Voters choose access to health over Wealth

Abbie Collier, The Cost of Being Healthy

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Voters at Hyatt Elementary School seemed to believe “if the United Kingdom can have “free” healthcare, then so should Americans.”

On Election Day, I interviewed voters in Richland County, Columbia, South Carolina.

Four were angered that in the United Kingdom, people pay a third less than in the United States.

“It should be the same here,” said Ronald Campbell, a 48-year-old retail sales worker from Columbia, South Carolina. He voted a Democratic Party ticket.

Campbell said he believed the U.S. should leave healthcare costs to the individual to pay as needed.

In the U.K., we pay National Health Insurance every month, through a fee that comes out of our paycheck, so the term free healthcare isn’t exactly accurate.

“It makes me so mad,” said Carla Ursua, an 18-year-old Columbia College student who voted for Hilary Clinton. She was responding to the difference in healthcare prices between the U.S. and the U.K.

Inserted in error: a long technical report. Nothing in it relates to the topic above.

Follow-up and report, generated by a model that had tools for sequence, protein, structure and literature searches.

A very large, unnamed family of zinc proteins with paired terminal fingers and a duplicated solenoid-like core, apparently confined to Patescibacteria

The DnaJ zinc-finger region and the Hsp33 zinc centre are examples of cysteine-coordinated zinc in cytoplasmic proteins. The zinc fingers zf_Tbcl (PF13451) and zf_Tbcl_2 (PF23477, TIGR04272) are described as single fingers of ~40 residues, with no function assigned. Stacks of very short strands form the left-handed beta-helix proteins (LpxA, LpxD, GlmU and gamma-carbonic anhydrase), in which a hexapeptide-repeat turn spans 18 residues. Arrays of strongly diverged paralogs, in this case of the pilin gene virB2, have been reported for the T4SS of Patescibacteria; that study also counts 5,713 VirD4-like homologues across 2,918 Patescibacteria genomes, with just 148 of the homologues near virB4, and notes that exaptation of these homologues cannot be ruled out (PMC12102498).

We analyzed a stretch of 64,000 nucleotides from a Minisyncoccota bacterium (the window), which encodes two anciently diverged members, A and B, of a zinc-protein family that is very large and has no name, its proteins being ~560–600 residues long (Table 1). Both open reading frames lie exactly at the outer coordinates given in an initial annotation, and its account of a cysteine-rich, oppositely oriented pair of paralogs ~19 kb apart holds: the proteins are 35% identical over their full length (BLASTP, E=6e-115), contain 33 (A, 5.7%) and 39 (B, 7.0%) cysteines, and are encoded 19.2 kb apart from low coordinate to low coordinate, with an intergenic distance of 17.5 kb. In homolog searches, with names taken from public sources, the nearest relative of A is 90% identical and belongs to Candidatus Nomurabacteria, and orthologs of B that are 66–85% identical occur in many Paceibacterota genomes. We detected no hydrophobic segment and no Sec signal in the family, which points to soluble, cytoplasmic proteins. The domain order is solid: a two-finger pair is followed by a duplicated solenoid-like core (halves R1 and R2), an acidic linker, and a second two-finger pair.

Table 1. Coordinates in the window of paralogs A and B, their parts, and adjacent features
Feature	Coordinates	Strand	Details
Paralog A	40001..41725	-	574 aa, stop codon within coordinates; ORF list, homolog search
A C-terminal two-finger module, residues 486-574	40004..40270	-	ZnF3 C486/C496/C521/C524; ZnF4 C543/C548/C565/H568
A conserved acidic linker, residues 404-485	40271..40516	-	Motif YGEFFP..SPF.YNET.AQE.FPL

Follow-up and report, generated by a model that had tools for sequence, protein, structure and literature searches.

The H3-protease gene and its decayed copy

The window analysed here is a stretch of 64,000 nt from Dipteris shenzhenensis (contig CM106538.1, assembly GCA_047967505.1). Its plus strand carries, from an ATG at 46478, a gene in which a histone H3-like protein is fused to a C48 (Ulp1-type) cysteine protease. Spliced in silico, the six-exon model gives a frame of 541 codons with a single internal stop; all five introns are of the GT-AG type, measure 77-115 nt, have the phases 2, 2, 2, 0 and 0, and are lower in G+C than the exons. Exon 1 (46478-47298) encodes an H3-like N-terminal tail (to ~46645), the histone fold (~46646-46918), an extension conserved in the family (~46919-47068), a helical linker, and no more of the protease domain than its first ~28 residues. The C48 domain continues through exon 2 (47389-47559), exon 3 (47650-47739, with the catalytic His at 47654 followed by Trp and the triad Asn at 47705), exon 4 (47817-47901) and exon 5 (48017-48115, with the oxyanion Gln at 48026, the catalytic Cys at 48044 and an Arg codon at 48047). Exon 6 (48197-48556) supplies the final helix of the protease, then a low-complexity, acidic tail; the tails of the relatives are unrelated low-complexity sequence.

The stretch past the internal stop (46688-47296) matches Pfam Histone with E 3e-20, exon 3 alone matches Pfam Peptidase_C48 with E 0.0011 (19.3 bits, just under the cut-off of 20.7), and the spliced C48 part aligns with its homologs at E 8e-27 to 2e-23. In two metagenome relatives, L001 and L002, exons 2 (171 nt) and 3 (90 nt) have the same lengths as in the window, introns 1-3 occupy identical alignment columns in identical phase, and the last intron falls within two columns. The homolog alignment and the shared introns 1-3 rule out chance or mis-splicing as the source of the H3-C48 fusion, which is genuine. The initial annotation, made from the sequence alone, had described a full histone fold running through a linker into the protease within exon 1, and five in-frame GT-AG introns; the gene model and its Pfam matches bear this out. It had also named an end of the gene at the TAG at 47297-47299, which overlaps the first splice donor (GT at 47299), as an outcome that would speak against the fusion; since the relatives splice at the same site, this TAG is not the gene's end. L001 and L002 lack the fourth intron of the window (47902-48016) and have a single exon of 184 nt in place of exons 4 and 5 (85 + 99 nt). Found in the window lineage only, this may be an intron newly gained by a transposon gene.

“I think more people should have access to healthcare.” She supports the Affordable Care Act, saying it is “great.” I think people abuse it, but I’m still very much for it.”

“It’s really annoying,” said Sara Bailes, when comparing healthcare costs in the U.K and the U.S. The 18-year-old who attends the University of South Carolina, is from Blythewood, South Carolina and voted absentee.

She said she believes “healthcare should be made more accessible for everyone.” “I think Obamacare is a good idea,” she added.

Her father serves in the military and provides her health insurance.

Patricia Garvin, a 36-year-old customer service assistant, voted for Hilary Clinton, the Democratic nominee. “They need to consider all Americans,” she said.

“We have cellphones to pay for and mortgage payments to make. No one has a perfect plan, but I think she’s trying, and she’s always trying to help children,” she added.

However, “the candidates have money, so they don’t really care about America,” Garvin said.

Regardless of who individuals voted for, everyone seems to be in agreement that healthcare costs should be lowered. If it’s possible in the U.K., then it should be possible in the U.S.

View Abbie Collier’s blog at The Cost of Being Healthy.

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